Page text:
The Internal Rate of Return (IRR) is the rate that when used
to calculate the net present value of future cash flows gives
an answer of zero.
The shareholder's IRR of 18.7% was the return that the shareholders
expected to generate as a result of the competitive process for
the entire PFI contract. The Octagon consortium was selected because
their bid overall was the best for the Trust.
The calculation of the shareholder's IRR is sensitive to
the timing of the receipts. The graph shown on the attached sheet
shows what the shareholder IRR would be if the refinancing was
The IRR is a product of the timing of the refinancing and
as a result of the refinancing being completed in December 2003
the IRR for the shareholders is 60%. The graph attached shows
that the IRR changes dramatically dependent on the timing of the
Supplementary question from Mr Richard Bacon
Have annual "smoothing payments" in the region of
£3.4 million per year have been made to the Norfolk and Norwich
University Hospital NHS Trust in recognition of the accelerated
rate of depreciation-equivalent incurred by the Trust in purchasing
the buildings from Octagon Healthcare over a shorter period than
60 years? Please supply details, including the value and frequency
of such payments and stating for how much longer these payments
will be made.
Payments to the Norfolk and Norwich University Hospitals
NHS Trust under the "smoothing monies" initiative started
in financial year 2003-04. The amount was £3,778 million,
a fixed annual amount, never inflated, which was paid in full
up to 2005-06 (see the attached spreadsheet). The initiative was
introduced for a number of the early PFI projects due to the effect
on affordability which arises from the difference between the
length of the primary contract period, which was typically 25
to 30 years, and the expected life of the asset generated under
the project, which is usually 60 years.
In PFI deals the private sector partner will plan to recover
the full capital cost during the primary concession period whereas
an equivalent public sector scheme would depreciate the asset
over 60 years (ie pay the money back through capital charges to
the Department). The support, paid when the unitary charge starts
as the new hospital opens, therefore created a level playing field
between privately financed and public capital projects by spreading
capital cost across 60 years rather than the primary concession
The spreadsheet also shows that from 2002-03 the trust has
received support for the capital charges on the land it contributed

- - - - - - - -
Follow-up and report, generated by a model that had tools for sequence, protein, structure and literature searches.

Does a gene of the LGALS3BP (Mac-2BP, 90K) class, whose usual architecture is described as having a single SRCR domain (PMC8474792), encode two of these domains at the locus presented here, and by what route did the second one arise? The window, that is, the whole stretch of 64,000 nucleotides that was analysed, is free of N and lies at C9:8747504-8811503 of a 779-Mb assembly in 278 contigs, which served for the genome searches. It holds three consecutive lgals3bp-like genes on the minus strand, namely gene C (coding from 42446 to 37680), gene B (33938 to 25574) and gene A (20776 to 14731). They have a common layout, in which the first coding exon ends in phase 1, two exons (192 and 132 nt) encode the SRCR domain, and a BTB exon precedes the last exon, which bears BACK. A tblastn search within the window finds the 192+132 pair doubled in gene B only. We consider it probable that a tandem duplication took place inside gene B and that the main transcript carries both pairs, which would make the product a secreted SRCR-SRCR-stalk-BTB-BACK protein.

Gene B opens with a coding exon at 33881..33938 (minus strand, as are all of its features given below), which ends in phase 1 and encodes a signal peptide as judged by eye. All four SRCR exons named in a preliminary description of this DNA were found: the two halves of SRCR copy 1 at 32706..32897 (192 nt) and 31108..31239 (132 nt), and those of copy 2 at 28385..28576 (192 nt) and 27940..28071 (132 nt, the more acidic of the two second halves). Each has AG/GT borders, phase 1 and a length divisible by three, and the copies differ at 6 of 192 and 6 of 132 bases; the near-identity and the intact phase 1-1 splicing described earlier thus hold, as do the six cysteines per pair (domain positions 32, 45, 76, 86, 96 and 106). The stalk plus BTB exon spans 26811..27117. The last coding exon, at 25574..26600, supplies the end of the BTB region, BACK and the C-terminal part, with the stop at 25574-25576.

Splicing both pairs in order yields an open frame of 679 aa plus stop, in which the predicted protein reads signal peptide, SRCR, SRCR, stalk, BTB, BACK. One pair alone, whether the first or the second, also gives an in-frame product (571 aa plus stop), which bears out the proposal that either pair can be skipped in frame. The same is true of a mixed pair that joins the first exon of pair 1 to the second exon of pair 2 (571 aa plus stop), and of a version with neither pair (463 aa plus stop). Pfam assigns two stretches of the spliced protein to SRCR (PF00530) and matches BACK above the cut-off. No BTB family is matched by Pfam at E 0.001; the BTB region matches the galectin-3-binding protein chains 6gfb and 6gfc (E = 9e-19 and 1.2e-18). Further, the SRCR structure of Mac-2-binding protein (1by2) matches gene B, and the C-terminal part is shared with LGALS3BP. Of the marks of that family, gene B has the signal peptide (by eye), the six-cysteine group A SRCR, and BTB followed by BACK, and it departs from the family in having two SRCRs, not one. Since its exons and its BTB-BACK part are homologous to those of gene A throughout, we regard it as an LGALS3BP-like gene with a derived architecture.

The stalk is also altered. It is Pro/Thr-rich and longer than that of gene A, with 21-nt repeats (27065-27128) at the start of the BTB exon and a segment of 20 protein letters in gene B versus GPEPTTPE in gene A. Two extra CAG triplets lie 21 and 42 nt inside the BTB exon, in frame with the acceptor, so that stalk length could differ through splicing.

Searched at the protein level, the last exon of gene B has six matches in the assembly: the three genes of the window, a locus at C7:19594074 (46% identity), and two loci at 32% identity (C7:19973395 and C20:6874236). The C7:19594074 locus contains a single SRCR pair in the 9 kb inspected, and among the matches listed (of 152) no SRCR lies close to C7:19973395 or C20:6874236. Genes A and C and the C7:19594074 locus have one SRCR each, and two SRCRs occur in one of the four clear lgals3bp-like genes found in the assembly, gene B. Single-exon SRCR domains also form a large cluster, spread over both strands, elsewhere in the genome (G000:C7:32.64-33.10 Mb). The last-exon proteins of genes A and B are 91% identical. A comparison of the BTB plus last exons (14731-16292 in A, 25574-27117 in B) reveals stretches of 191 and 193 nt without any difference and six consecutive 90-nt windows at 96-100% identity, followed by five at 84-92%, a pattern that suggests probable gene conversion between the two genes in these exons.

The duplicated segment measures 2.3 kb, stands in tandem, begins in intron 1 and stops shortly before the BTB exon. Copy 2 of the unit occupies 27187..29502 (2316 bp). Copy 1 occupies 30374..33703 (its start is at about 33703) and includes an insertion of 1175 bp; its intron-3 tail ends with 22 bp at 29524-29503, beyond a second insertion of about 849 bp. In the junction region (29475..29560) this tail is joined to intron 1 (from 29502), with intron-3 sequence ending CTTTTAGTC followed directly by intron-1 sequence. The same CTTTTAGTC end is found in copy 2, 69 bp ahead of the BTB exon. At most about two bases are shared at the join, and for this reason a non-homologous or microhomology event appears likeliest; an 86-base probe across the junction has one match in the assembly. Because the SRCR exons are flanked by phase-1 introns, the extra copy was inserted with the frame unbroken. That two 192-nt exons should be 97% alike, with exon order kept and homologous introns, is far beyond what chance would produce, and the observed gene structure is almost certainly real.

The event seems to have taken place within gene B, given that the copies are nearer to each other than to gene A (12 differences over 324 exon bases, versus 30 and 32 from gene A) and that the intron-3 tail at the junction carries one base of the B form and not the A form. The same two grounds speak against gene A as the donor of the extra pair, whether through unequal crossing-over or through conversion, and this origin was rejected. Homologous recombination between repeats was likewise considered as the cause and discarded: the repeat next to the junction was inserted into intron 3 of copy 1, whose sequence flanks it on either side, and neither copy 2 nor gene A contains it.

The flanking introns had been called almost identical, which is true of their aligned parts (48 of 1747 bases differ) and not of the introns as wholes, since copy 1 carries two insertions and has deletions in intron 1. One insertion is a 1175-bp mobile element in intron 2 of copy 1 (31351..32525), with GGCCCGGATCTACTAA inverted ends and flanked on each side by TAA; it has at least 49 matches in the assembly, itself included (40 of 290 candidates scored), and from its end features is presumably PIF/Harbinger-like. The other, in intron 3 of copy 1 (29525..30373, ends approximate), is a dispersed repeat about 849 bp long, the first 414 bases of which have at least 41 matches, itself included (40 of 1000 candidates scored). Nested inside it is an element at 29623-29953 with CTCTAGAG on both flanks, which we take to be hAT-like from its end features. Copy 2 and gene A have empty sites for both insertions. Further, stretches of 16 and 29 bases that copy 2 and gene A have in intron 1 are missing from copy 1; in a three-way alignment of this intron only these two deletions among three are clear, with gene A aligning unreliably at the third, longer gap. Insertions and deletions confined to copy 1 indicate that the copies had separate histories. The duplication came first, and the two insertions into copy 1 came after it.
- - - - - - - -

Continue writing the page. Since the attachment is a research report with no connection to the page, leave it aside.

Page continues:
to the deal as "bullet payments" to offset the annual
charges; these are prepayments (that will reduce over the contract
period) and attract capital charges at the appropriate rate. The
background to this is that prior to the publication of the guidance
"Land and Buildings in PFI schemes" in February 1999,
there was uncertainty amongst accountants about whether there
would be a requirement to fund the 6% capital charges on land
and buildings transferred to the private sector as part of PFI
projects. Work for the land and buildings guidance confirmed this
was required so it was decided that schemes which had not previously
funded this charge should be reimbursed via direct funding from
the centre. The capital charge rate changed to 3.5% for financial
year 2003-04, which reduced the capital charges payable.
These were two of the reported revenue and resource pressures
which emerged from the use of PFI in the NHS. However, at the
end of 2003 the Department's Finance and Investment Sub-Committee
(FISC) advised that central revenue support mechanisms for PFI
schemes could not be justified in the long term and, in principle,
should stop immediately. They were not compatible with the changes
in the way funds are now allocated to the NHS (ie directly to
local health bodies), nor consistent with the way Trusts' income
would be determined in future, ie through the amount of activity
they deliver under a national tariff rather than simply pricing
services to cover costs (Payment by Results). The decision was
taken of course in the context of the largest ever sustained increase
in NHS Fundingan average of 7.3% over and above inflation
each year from 2003-04 to 2007-08.
However, to prevent sudden falls in income for Trusts, we
agreed with Strategic Health Authority Directors of Finance that
this funding should be phased out over a number of years to give
local NHS bodies time to adjust. Funding was due to cease in 2006-07
but the tapering arrangement was actually extended to 5 years
from 2003-04 (ie to 2007-08) in line with the tapering proposed
under the Payment by Results tariff supplement.